According to one study, driving distracted kills 5,500 people in car and truck accidents every year in this country. Don’t let the title of this blog fool you. It is beyond dispute that texting while driving is a growing part of this problem.
The Baltimore Sun reports that 25% of teenage drivers admit to texting while driving a car, and almost half say they’ve been in cars with someone who sent text messages. But kids are not the only problem. Adults that rolled their eyes at texting just a few years ago are now textaholics who read and write text messages while driving. The phenomenon is causing serious injuries and deaths on our nation’s highway. And the perpetrators are not degenerate criminals but people just like you.
This all makes sense. The anti-texting advocates have me. But this is where they lose me: “Texting and driving is worse than drinking and driving.”
First, the statement is ridiculously misleading. Maybe, if some studies are true, you can better avoid an accident with a .08 blood level than you can in the middle of a text message. But you are drunk the whole time you are driving, not for an instant of receiving or sending a text message. So I’d rather be on the other side of a double yellow line of someone who sent a few texts than someone who is drunk any day.
But my larger criticism is the message the “worse than drunk driving” slogan sends. It is like we can’t say Heidi Klum is pretty without saying she is more attractive than Gisele Bundchen or complementing LeBron James without pointing out what he can do that Michael Jordan couldn’t.
With supermodels and basketball players, this is a harmless weakness of ours. But to elevate the risks of texting, some well-meaning car safety advocates are inadvertently but dangerously minimizing the risks of drunk driving.
Most of us know otherwise good people who occasionally drink and drive. But the number of people on our list that fall into that category has dropped in the last 5 years. Hasn’t it? The reason is the social stigma attached to drinking and driving has increased. No one wants those judgmental looks when they walk out of the party or bar.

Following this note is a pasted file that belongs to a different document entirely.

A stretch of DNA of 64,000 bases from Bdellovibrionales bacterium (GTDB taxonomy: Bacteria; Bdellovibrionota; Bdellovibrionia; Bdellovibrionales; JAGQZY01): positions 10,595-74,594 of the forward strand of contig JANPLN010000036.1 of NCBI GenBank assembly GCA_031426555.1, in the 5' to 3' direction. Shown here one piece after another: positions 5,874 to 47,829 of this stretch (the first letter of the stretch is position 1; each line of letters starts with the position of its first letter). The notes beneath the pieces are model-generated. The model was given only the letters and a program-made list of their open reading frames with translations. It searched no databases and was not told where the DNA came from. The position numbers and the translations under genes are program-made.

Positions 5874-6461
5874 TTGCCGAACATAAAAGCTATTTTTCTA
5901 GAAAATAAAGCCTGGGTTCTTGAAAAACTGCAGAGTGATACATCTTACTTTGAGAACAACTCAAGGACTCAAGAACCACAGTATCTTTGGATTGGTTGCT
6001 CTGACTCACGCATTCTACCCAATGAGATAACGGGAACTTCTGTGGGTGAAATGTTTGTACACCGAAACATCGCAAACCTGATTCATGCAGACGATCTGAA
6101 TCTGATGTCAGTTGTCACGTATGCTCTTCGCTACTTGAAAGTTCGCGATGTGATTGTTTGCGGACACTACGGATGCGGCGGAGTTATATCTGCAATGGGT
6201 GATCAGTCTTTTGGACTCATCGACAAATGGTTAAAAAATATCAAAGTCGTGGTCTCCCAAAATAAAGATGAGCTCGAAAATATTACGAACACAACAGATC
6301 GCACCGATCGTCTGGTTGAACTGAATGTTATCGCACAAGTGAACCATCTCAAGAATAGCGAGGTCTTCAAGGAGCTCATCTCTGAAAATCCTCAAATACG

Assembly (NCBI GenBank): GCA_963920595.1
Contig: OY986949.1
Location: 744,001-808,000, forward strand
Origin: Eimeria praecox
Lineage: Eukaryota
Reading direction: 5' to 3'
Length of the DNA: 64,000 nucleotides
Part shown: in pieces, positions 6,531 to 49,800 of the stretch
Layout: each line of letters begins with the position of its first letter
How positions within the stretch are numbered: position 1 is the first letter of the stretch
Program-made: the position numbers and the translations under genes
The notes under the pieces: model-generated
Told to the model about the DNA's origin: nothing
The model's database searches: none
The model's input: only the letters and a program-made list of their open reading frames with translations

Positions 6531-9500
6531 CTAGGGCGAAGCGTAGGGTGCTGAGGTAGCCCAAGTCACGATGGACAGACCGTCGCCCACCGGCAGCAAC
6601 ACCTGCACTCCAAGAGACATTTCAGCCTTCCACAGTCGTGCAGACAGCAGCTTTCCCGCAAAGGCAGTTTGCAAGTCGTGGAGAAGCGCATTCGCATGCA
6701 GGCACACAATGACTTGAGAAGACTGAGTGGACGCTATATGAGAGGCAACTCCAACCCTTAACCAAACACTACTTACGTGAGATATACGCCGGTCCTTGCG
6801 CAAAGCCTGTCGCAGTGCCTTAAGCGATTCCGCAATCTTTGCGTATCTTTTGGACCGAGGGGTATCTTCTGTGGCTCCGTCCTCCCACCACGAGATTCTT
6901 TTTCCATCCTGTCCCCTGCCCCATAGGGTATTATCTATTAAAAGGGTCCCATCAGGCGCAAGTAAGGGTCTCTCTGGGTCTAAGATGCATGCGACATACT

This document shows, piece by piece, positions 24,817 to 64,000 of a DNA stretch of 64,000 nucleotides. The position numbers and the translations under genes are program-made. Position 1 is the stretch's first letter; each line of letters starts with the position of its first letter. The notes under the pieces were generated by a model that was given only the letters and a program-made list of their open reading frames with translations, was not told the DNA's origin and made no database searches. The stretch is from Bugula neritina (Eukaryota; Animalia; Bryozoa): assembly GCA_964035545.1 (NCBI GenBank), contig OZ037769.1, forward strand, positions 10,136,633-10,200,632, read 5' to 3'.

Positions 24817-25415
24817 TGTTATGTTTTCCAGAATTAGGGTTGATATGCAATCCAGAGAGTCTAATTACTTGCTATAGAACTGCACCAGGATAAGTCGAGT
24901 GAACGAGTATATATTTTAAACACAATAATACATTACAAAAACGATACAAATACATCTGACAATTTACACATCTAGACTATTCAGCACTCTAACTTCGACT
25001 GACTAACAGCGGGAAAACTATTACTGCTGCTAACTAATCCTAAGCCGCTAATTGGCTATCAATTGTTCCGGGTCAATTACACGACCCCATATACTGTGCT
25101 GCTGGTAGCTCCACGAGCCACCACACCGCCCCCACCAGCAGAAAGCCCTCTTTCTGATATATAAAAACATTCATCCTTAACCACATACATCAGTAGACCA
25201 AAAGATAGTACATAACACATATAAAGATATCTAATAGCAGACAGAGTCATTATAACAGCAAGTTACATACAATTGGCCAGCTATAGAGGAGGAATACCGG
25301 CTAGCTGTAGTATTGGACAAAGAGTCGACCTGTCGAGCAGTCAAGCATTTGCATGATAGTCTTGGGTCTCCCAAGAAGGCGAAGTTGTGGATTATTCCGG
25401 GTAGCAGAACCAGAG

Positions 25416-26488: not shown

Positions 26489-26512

But for many people, avoiding drinking and driving is inconvenient and the social stigma is the only thing holding them back. When you equate texting while driving to drinking and driving, you knock that social stigma back a dangerous peg.
Maybe not so coincidentally, deaths from alcohol-related traffic accidents in Maryland jumped 12 percent from 2008 to 2009, from 145 to 162. This is Maryland’s first rise in the number of drunk driving deaths since 2006. (2019 Update: This is some updated CDC data for Maryland since I wrote this post.)
We need to sound the alarm on texting while driving and drinking and driving. There are so many alarms going off for so many things, it is hard for important alarms to get the attention they deserve. But if your goal is to save lives, don’t sound the texting alarm by minimizing another very important alarm. So just in case, there is any ambiguity about that alarm, let’s restate the facts: 162 people died last year in Maryland drunk driving accidents.